This is one of the most common questions I hear about images from deep space. For example, look at this recent picture postcard of the Earth and the moon sent by China's Chang'e 5 spacecraft.
Earth and the Moon from Chang'e 5 T1
The Chang'e 5 test vehicle captured this beautiful view of Earth over the far side of the Moon on October 28, 2014.
It's a striking portrait of a handsome couple. But if they are floating in space, where are the stars? Shouldn't we see thousands of stars in the background, maybe even the Milky Way? This solid wall of black sky in so many images from space is the source of confusion--not to mention conspiracy theories.
The answer is pretty straightforward. The stars are there. In fact, if you could physically ride along with Chang'e or any of the other spacecraft you'd see the stars in all their glory. The issue is a photographic one. Cameras have a much more difficult time than your eyes do when it comes capturing widely different levels of light. It's simply very difficult, often impossible, to correctly expose a photograph when the scene contains both very bright areas and very dark ones. A simple experiment: try taking a picture of a bright moon in a dark sky. Chances are, even though you can see both the moon and the stars with your eyes, if you've set up your camera to expose the picture so that the moon shows up clearly, you won't see any stars near the moon's bright disc in your picture.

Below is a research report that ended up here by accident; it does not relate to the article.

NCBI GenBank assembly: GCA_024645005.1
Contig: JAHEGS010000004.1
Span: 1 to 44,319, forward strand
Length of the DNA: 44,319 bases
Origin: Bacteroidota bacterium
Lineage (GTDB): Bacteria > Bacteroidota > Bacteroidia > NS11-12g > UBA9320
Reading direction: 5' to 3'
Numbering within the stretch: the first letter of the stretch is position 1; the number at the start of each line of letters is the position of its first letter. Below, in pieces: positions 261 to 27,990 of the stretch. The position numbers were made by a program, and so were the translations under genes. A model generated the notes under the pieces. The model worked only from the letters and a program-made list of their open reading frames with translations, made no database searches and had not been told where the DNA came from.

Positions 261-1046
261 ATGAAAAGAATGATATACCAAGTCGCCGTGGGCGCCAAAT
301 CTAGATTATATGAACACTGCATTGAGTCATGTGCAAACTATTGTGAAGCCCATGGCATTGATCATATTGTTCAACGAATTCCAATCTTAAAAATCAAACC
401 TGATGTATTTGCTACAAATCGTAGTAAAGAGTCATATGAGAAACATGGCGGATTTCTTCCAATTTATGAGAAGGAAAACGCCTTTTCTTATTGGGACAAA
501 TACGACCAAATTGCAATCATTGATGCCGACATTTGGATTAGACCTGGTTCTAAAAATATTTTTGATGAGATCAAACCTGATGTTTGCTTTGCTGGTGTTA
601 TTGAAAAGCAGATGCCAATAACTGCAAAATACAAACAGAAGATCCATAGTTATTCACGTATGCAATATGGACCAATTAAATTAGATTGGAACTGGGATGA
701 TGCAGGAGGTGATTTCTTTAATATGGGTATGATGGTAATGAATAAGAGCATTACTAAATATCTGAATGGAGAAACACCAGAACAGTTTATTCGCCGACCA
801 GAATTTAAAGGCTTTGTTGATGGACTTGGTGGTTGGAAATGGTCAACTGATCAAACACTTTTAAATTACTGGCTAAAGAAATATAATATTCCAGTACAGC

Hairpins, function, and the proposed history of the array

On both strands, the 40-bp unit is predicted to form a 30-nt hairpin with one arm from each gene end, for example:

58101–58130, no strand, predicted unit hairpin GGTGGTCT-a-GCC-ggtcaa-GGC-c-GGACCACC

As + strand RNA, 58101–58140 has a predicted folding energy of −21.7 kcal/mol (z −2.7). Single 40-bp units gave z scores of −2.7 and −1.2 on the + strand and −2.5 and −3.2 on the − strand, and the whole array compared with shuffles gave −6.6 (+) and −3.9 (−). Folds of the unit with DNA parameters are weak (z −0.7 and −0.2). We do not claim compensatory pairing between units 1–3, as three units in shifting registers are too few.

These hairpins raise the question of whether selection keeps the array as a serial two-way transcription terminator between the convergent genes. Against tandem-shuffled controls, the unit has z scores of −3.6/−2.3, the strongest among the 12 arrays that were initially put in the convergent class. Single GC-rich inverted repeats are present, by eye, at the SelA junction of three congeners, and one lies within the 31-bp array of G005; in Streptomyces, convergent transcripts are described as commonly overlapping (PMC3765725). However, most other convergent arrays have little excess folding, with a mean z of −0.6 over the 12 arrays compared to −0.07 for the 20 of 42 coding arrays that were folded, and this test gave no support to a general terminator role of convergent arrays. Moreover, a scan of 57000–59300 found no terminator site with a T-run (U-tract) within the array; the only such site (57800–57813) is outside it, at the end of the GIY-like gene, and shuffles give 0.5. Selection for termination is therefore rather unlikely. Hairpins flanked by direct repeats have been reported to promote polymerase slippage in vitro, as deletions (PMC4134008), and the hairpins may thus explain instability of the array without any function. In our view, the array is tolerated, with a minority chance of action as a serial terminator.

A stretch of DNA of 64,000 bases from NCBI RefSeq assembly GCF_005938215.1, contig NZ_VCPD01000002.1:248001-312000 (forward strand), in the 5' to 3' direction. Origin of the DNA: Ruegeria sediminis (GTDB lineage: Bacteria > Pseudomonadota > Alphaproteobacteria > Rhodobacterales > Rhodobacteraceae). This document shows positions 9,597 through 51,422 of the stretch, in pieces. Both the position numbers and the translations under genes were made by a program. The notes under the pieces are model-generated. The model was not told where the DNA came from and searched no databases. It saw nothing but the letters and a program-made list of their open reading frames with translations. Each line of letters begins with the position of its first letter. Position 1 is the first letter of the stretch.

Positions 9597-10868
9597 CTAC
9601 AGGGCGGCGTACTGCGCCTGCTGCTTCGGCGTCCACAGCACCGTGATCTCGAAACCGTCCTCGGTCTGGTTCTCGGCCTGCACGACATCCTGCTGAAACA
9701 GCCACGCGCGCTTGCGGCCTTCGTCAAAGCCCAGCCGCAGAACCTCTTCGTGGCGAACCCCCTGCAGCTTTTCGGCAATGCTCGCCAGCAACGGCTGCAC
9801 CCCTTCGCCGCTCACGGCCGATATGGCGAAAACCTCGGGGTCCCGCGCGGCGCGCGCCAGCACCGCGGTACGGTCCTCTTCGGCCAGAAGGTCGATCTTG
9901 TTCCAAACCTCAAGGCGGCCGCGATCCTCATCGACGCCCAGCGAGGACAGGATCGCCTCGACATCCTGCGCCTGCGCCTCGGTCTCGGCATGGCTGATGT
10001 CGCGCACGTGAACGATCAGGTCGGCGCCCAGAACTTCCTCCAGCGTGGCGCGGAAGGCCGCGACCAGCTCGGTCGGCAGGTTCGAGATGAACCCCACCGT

So when the Apollo astronauts were bouncing across the moon's brilliant horizon the sky behind them looked black. The same is true for images from robotic spacecraft in deep space: Saturn is dazzling, not only aesthetically but physically as well.
All that said, there are exceptions. Sometimes, those exceptions make for the most amazing images. When conditions are just right the stars do show up, as in this view of Saturn's moon Enceladus from the Cassini spacecraft.
NASA / JPL / SSI
Enceladus among stars
Extremely unusual circumstances were required to get this shot of Enceladus floating in front of a field of stars. The Cassini spacecraft is flying in space, of course, and regularly captures images of star fields. It also regularly captures images of Enceladus. But Enceladus is so brightly reflective that, under normal circumstances, it is impossible to see both features on Enceladus' surface and a dense field of stars in the same image. To see Enceladus' surface, the camera team would select a short exposure setting; to see the stars, they would select a long exposure setting. This photo is possible because Enceladus was actually in Saturn's shadow when it was taken; the only light reaching its surface (and reflecting from there to Cassini's camera) is sunlight that has first been reflected off of Saturn or its rings. A long exposure revealed both Enceladus' surface and the background field of stars.
This shot was possible because the moon is not lit by brilliant sunshine, but only by reflected light from Saturn.
Here's another look at Enceladus. Here, the camera was set so that the sunlit side of the moon is awash in overexposed light, but the plumes from its famous ice geysers and the stars in the background show up just fine. As Cassini tracks Enceladus over the course of several photographs, the moon moves in its orbit and the stars appear to rush by.
NASA / JPL / SSI / Animation by Bill Dunford
Enceladus Amid the Stars
Saturn's moon Enceladus, with its intriguing ice geysers, seems to be rocketing through space in this series of images taken by Cassini.